Joins the likes of OCZ, Super Talent, OWC and Mushkin in the PCIe SSD race.
Intel is has released its first PCIe SSD, the 910-Series, to join the likes of OCZ, Super Talent, OWC and Mushkin in the PCIe SSD race.
In October, 2011, VR-Zone leaked a roadmap slide that features a PCIe SSD for Q2, 2012. At the time of the leaked information, the PCIe SSD was known as Intel SSD 720 "Ramsdale" Series. The original information on the 720-series had read and write speeds of up to 2200 MB/s and 1800 MB/s, respectively. In addition, it was set to deliver some 180,000 IOPS 4K read and 56,000 IOPS 4K write.
The 720-series never came to light based on the originally leaked information. The only information originally leaked that looks to be held true is that the 910-series will be using Intel's new 25 nm HET-MLC NAND flash memory, which was first introduced with the 710-series.
Now the official information from Intel shows the 910-series is available in two capacities, 400 GB and 800 GB, which are more in-line with other enterprise-based PCIe SSDs by other manufactures. The 400 GB and 800 GB SSDs have two and four NAND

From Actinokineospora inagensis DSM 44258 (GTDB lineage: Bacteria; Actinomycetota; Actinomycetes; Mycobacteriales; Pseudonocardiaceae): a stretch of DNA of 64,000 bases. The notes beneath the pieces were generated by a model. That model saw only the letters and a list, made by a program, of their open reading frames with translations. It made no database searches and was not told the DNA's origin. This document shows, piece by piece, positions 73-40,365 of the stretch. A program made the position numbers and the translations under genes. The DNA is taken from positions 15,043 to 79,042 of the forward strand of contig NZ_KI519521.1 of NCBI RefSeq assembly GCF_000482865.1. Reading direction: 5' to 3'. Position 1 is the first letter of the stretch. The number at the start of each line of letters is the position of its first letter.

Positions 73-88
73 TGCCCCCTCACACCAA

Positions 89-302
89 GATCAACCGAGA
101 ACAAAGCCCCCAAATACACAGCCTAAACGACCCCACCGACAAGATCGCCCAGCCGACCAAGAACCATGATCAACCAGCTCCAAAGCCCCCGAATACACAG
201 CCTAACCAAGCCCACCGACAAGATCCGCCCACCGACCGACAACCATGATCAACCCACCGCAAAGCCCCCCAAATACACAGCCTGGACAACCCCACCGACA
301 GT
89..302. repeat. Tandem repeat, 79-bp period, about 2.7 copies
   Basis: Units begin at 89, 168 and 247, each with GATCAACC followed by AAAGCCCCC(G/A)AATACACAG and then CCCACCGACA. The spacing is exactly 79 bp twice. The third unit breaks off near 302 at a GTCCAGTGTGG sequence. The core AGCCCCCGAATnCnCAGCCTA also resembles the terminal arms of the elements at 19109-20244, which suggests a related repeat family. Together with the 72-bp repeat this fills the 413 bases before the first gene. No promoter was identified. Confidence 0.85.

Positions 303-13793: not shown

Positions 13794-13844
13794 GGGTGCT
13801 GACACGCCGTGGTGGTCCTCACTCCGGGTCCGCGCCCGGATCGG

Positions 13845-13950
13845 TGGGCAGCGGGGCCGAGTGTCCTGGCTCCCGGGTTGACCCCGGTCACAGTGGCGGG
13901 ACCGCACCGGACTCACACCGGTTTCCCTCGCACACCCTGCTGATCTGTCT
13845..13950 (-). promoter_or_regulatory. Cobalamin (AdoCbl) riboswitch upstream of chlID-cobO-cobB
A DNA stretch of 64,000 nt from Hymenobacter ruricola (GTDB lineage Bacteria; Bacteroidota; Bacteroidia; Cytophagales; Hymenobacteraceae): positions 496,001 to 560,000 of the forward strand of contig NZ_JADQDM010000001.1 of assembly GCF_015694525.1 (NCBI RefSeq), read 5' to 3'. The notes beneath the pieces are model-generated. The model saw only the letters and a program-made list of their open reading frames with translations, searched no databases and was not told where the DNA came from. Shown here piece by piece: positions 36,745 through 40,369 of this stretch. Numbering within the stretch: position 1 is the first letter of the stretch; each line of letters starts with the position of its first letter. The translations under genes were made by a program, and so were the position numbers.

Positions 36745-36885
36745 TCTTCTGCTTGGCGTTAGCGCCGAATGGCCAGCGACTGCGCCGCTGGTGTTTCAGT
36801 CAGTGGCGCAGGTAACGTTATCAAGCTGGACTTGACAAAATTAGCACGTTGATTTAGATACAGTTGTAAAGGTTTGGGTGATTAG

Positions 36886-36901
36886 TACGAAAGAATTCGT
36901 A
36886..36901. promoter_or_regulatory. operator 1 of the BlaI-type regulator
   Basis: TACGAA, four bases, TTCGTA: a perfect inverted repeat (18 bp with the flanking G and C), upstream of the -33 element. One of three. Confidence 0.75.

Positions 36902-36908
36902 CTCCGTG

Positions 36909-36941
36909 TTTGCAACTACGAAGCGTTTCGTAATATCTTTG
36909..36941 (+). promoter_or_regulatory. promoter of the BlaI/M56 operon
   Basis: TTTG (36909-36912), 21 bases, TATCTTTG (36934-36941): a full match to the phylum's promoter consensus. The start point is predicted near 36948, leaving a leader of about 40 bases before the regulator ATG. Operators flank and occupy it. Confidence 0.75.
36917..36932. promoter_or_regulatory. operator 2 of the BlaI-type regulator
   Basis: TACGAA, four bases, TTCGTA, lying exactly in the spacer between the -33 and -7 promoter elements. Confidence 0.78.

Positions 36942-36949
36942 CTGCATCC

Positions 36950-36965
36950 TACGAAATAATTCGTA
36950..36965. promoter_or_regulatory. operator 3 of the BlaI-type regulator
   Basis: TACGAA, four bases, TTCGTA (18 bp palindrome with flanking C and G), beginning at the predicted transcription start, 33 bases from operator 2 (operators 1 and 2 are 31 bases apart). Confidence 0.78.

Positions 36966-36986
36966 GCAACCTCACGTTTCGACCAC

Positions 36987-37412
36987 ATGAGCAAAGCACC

modules, respectively. Each NAND module contains 200 GB of NAND flash memory capacity with its own NAND ASIC featuring SAS interface support of up to 6 Gb/s. On the host side, the Intel SSD 910 Series supports PCIe 2.0 bus speeds. An on-chip PCIe-to-SAS bridge chip supports this translation.
Intel lists the sequential read performance as up to 1 GB/s (400 GB) and 2 GB/s (800 GB) based on the capacity. The write performance is rated up to 750 MB/s (400 GB) and 1 GB/s (800 GB) based on capacity. As far as IOPS are concerned, the 400 GB model offers 90,000 IOPS reads, with 38,000 IOPS writes; while the 800 GB model provides 180,000 IOPS reads, with 75,000 IOPS writes.
With the 910-series set to be an enterprise based PCIe SSD, the endurance of these drives becomes a major factor to would-be users. Intel is rating the two models at 7 PB (400 GB) and 14 PB (800 GB), whereas the 710-series only offered 1.5 PB using over-provisioning. The 910-series card measures in at 2.7165" x 6.6142" x 0.748" (HxWxD), which is a low-profile PCIe card. It utilizes a standard PCIe 2.0 x8 interface for both models. Intel list the power consumption at 25 W typical active power draw, with idle power draw at 8 W (400 GB) and 12 W (800 GB) respectively.
Pricing for the Intel SSD 910 Series is $1,929 for the 400 GB capacity and $3,859 for 800 GB. It comes with a 5-year limited warranty.
Doug Crowthers is a contributing editor and freelance writer for feature articles and news at Tom's Hardware.
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